He is a Scottish Cup winner with Caley Thistle, a talismanic leader of men with Aberdeen and a Scotland international.
Yet Graeme Shinnie, idolised by both fans at both ends of the A96, started in much humbler surroundings than the precipice of the Premier League.
Derek McInnes and John Hughes, key pillars in his progression and subsequent move to Derby County, have never been short of effusive plaudits. Shinnie has been the heartbeat of their teams, through numerous memorable nights and hazy days.
But the player you see now, all ferocious energy and unbending desire, has been there from the start. He was an enthusiastic, driven kid from Kincorth Academy, who embedded himself within Dyce Boys Club and made himself a winner before his teenage years expired.
Graeme Shinnie has signed a pre-contract agreement and will join #DCFC in the summer… ✍
— Derby County (@dcfcofficial) May 7, 2019
Len Nicol, treasurer and long-serving coach at Dyce, saw Shinnie follow in the footsteps of older brother Andrew, who led the way in forging a career in professional football.
He said: “My memories of him are exactly as they are now. He was such an enthusiastic, hard-working born winner, even at an early age. That has shown throughout his career. He’s a 100 per center – he gives everything to the cause.
“He’s blossomed through the years. He was always keen to play and was someone who would listen and do what he was asked.
“While he had great ability, he wasn’t the most skilful individual but you could tell he wanted to win every match. That was his strong point; his desire was his greatest asset. He was captain at the Boys Club and it’s a role that suits him. He’s a born leader.”
The 2015 Scottish Cup final may have been his crowning achievement – lifting the trophy after Inverness beat Falkirk 2-1 – but it was not his first in senior football.
That goes to Forres Mechanics, where Shinnie went on loan in 2010 and emerged as a talent with a prodigious future. He was part of the side that won the Highland League Cup and then-assistant manager Charlie Rowley, now the club’s manager, earmarked him as star potential.
Rowley said: “He stood out from minute one. We had a midweek game against Cove Rangers and got the paperwork signed in time; he was clearly the best player on the park. You could easily see why he would make a name for himself.
“We gave him the platform of playing against adults to enhance his development. He was 100 per cent a starter and was part of the back four that won the Highland League Cup and didn’t concede a goal. We went on to win the North of Scotland Cup and a year later and league title in 2012 and he was the foundation of that side.
“I wouldn’t have imagined midfield would be his best position. He was predominantly left-sided and had a great energy about him. It’s credit to himself that he’s managed to hold down as place as captain of Aberdeen in central midfield. I think he still speaks to some of the boys too. All-round, he was the complete package.
“He was in the youth teams at Inverness and on the fringes of the first-team. It was a step up for his development and when he went back, he was pretty much straight in the team.”
That loan at Forres precipitated his breakthrough at Caley Thistle, upon their return to the Premiership in the 2010-11 season. However, his progress was derailed by Crohn’s disease, which saw him miss seven months and threatened his career.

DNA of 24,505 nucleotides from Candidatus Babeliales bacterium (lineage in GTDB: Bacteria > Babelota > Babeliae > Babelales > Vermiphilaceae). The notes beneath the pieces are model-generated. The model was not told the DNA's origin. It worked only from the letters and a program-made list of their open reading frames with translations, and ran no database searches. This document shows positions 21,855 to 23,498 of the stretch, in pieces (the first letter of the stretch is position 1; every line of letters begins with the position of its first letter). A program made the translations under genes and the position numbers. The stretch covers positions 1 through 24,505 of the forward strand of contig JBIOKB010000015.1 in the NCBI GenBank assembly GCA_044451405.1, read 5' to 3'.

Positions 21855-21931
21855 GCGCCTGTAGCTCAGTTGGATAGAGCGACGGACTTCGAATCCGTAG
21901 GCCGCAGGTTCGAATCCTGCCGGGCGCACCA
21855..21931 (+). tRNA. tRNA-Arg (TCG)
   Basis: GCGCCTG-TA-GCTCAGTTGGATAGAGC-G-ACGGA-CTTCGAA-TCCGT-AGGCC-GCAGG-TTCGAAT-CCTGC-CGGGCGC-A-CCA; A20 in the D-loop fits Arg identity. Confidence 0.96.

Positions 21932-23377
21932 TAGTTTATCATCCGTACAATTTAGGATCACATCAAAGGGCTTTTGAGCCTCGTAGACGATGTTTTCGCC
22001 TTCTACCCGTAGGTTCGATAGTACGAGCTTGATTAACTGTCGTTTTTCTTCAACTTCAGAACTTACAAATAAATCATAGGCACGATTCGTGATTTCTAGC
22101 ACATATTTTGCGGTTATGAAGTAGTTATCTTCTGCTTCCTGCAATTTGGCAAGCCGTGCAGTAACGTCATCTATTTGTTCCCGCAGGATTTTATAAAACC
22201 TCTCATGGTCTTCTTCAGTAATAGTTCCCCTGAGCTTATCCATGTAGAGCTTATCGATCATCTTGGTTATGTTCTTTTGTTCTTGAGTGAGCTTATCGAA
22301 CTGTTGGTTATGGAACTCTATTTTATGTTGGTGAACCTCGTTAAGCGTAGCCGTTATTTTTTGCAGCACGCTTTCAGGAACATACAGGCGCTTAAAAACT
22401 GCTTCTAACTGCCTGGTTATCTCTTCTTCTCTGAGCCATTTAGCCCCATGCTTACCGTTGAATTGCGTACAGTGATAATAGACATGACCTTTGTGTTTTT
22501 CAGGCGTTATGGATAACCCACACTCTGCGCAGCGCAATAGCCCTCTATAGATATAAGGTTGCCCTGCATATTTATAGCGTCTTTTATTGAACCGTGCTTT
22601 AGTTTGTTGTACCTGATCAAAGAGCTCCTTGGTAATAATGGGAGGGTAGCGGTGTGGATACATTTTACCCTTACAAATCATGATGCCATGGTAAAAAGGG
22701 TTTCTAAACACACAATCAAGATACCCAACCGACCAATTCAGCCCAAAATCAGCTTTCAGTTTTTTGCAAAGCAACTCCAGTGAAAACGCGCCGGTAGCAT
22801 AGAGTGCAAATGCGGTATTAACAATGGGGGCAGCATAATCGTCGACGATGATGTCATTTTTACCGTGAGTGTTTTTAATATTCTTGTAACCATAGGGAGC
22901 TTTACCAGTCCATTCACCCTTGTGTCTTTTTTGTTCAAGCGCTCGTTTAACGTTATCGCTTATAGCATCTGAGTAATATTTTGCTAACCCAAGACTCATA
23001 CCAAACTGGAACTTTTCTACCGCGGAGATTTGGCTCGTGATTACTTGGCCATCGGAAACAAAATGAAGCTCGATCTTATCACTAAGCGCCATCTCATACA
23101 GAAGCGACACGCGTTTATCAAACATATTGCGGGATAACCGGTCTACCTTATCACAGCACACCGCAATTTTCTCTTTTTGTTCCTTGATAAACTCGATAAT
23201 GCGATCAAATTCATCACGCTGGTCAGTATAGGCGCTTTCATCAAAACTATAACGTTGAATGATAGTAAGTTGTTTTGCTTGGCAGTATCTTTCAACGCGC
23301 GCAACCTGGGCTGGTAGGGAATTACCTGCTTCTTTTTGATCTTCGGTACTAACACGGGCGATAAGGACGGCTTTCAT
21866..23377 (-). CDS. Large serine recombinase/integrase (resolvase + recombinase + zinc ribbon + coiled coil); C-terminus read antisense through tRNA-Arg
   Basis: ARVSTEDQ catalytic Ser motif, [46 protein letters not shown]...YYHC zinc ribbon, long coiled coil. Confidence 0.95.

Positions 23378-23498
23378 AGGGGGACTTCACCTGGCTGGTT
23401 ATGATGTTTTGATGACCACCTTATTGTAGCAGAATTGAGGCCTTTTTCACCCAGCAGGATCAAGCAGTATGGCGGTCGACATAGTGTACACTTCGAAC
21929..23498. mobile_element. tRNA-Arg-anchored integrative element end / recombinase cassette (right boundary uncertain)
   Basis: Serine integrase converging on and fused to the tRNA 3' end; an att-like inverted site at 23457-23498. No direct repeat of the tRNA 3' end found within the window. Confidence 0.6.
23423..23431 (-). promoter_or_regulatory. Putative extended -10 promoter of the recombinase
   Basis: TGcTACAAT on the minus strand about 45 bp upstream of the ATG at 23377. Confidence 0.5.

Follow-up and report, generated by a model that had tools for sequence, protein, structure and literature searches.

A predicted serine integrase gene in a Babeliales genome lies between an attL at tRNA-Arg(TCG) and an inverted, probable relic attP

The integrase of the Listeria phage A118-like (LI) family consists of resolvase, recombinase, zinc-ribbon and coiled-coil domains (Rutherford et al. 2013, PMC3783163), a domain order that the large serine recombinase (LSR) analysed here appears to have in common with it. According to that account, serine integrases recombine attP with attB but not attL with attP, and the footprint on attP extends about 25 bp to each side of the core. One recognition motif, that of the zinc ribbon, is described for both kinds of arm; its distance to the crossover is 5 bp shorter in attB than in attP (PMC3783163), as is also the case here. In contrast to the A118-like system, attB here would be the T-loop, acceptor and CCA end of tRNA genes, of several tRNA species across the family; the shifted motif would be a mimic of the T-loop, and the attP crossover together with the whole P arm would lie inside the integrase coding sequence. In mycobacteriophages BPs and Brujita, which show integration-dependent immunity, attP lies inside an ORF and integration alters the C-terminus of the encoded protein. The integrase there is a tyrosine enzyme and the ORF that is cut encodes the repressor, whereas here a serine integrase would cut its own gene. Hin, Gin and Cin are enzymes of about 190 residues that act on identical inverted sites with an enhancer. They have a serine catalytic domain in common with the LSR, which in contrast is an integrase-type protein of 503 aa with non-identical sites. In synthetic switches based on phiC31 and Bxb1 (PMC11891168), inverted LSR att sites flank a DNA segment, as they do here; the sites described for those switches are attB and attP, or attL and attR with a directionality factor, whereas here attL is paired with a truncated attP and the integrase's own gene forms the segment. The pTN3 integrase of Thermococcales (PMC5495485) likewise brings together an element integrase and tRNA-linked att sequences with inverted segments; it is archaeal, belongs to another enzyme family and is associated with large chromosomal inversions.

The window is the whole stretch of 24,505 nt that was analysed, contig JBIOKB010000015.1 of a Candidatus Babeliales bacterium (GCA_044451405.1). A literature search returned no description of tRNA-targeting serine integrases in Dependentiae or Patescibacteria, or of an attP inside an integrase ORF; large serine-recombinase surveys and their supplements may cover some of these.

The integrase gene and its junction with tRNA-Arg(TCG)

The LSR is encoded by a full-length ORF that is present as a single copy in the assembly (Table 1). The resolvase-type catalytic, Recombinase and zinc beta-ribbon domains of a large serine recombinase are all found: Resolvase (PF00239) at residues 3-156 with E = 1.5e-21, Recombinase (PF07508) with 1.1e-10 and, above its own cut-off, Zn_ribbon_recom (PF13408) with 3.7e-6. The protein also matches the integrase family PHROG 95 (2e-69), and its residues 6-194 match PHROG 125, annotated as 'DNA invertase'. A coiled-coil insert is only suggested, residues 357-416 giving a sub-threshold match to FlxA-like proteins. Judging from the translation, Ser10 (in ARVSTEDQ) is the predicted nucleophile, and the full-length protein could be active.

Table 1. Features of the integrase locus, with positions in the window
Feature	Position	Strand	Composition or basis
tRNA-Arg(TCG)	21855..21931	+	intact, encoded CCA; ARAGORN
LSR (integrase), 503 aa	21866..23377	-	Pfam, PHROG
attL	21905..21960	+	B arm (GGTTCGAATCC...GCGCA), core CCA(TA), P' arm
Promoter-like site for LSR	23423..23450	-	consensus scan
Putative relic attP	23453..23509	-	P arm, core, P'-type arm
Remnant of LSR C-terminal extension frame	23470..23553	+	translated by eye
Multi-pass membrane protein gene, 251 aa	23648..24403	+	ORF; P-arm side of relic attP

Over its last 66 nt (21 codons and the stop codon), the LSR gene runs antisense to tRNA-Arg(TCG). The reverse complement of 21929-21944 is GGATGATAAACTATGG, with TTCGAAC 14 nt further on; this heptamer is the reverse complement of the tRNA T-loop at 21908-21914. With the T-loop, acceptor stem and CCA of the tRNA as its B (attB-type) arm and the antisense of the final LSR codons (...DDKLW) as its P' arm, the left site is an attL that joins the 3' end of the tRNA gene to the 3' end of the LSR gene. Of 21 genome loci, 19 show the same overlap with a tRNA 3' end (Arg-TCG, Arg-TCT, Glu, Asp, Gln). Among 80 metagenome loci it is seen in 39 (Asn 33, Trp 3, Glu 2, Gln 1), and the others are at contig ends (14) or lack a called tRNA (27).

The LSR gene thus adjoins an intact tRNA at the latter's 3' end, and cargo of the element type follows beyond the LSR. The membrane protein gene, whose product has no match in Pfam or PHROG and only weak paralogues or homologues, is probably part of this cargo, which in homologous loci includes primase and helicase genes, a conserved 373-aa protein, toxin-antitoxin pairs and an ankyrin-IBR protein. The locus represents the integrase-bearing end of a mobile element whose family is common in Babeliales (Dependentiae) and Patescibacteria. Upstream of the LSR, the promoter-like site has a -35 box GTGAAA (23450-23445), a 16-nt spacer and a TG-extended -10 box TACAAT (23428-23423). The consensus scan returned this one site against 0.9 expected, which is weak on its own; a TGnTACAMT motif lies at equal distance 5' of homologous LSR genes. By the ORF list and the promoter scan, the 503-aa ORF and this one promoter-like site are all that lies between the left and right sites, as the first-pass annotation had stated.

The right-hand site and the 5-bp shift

His youth coach at Inverness Fiona McWilliam – also a Crohn’s sufferer – says it highlights Shinnie’s desire that a potentially debilitating condition has not hampered his professional career.
She said: “The fact he returned and to play through it is unbelievable. I know from experience how difficult it can be; it can affect people badly and I know it did with him.
“One of his main characteristics is his energy about the park and you wouldn’t think he had it. He had the operation and kicked on from there.
“He always trained like he played – he was the same beast. He’s one of those infectious characters on your team that when you’re down on your knees, he’ll drag you through.
“He ended up at left-back but played centre-midfield at under-17 level. He had that same tenacity. When we got relegated in 2009 the under-19 squad was done away with but that worked out for Graeme and Nick Ross, as they moved up to the first-team. Terry Butcher really rated him.
“We had a good relationship with Dyce Boys Club; we’d send a coach through to Inverurie on Wednesday, they’d come train with us on a Friday then play on a Sunday. Stuart Armstrong came from the same club. He’s now a Premier League player and there’s no reason why Graeme can’t do the same.
“Graeme lifted the Scottish Cup with Caley Thistle. He’ll never be forgotten here.”
Nicol, who has seen Dyce provide platforms for the Shinnie brothers, Armstrong, Scott Booth and Ryan Fraser to have international careers, sums up the sentiment felt by those of a red persuasion.
“We have had five guys that have gone on to play for Scotland, which we’re pretty proud of. They don’t forget their roots and are quite happy to come back and speak to kids.
“We hold him (Shinnie) up as a role model to our kids and he has been back to the club in his time as a professional. He’s done exactly what our kids would like to do. He’s someone we proudly hold up and say ‘you could grow up to be captain of Aberdeen’.
“Graeme is Aberdeen through and through and he’s going to be a huge loss. I wouldn’t like to have the job of trying to pick the player to fill his shoes.”